Hi...I'm trying to improve my EQ knowledge...the options on the BR800 menu are a bit of a mystery to me!...any comments on general settings to be getting on with?..What should I be doing with say Bass guitar.../ rhythm / lead etc......Any ideas for improvement welcome....Ian
To get to the EQ, press "track" and then you'll see it. The first page of the menu is a simple off/on for each track. Press enter to get to the second page.
Your choices on the second page are low, mid, hi gain, and lo/mid/ hi frequency: Gain basically means "increase" (or decrease), so you can raise it or lower it. If you lower it, you'll see -1 etc. They go together, so low gain will turn your low frequency number up or down. (Not the number itself, the amount of gain at that particular frequency).
Frequency can relate to pitches. When an orchestra tunes up, they tune to A=440. That's also called "hertz" (hz). On a piano, 440 hz is the A below middle C. An octave higher would be 880hz, an octave lower would be 220hz. One has to know where (roughly) the musical notes live on the frequency/hz scale. Here's a good chart to study (middle of the page): Digital Pathways Audio A: Frequency, Amplitude and EQ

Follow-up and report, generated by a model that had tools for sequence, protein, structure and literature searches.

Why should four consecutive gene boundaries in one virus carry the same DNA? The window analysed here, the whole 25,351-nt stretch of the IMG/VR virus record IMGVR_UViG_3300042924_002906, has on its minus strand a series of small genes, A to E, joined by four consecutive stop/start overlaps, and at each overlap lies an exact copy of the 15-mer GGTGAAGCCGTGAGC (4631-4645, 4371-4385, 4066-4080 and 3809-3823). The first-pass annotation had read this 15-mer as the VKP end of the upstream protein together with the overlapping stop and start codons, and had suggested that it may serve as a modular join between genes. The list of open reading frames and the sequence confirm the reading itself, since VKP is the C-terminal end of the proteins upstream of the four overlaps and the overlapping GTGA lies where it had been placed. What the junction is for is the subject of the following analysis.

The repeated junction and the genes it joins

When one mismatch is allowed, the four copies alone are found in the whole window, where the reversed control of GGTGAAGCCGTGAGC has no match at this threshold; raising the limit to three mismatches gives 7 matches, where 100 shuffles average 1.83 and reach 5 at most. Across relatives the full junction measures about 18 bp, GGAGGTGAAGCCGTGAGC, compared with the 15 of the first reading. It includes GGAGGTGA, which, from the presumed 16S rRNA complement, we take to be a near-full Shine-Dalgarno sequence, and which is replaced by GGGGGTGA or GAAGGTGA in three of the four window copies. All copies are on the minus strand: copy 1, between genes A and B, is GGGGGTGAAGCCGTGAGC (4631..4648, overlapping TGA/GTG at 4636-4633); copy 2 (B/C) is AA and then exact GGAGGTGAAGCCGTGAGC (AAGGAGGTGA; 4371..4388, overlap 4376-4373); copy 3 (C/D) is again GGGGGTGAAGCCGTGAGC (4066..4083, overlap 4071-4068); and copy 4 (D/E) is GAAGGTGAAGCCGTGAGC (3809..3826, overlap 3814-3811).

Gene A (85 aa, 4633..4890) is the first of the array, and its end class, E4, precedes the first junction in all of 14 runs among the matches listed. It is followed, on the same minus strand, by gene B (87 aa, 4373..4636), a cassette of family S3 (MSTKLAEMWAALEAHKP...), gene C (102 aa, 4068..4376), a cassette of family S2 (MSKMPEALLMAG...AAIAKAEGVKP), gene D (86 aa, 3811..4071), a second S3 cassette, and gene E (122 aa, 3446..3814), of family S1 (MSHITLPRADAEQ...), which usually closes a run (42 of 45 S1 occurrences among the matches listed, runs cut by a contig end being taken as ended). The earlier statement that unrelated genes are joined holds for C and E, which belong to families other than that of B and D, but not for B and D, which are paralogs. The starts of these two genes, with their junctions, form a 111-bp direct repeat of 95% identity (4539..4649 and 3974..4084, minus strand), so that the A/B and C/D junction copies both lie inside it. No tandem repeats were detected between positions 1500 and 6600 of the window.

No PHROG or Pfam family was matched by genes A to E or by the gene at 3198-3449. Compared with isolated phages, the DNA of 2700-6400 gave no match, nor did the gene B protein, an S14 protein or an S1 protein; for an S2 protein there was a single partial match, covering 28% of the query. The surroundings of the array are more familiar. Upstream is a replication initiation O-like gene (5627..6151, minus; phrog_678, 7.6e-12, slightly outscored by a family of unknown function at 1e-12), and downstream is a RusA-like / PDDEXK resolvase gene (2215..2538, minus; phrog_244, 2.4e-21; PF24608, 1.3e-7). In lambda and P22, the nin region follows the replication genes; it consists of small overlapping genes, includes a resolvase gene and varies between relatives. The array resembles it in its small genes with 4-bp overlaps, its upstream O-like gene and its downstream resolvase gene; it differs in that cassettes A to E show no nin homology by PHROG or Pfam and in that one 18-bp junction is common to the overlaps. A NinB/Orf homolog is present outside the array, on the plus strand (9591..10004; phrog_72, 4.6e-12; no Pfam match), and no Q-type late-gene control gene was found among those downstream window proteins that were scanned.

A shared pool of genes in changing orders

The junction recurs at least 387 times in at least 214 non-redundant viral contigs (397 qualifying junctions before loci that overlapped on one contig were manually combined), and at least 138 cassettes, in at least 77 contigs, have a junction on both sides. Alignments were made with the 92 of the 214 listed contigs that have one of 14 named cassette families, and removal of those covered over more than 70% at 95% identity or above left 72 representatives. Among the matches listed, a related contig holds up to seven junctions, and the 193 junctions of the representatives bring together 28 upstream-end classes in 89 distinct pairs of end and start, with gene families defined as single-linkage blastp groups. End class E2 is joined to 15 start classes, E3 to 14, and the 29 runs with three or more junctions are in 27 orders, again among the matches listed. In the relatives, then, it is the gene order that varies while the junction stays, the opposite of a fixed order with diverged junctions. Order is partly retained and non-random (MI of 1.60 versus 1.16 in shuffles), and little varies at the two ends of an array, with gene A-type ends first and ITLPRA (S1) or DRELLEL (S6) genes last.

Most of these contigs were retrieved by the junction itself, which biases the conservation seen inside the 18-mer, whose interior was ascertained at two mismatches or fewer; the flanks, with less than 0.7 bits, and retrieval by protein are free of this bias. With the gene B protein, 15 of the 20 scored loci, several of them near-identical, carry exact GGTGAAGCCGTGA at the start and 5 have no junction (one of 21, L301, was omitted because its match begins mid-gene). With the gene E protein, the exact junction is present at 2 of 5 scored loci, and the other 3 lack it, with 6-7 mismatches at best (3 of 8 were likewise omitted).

What all this means to you: if a cymbal has a harsh sound, the harshness might be around 3K. On the BR, you would turn the High Freq to 3.15K (it goes in steps on the BR), and then turn the High gain
down. It goes by db, so minus 1 is a little bit, minus two is more etc. In general, subtractive will be more helpful to you than additive, as you want to remove unwanted things like harshness. On the low end, a bass can be boomy, so you would use the low freq., figure out where it is boomy, and then you would turn down the low gain there.
That's a very simple explanation. The BR eq is extremely limited, so think of it as an "emergency" tool. If a guitar sound is really piercing, you'll turn down the high freq. Sometimes, you'll have a midrange instrument like violin, which doesn't go that low. However, there is noise that you might not realize in the low end. If you have many tracks, the noise will create mud, so you'll want to eq some of the low end out. The BR isn't the right machine to do that, but that's not really a concern for you at this point. Worry about harshness and boom.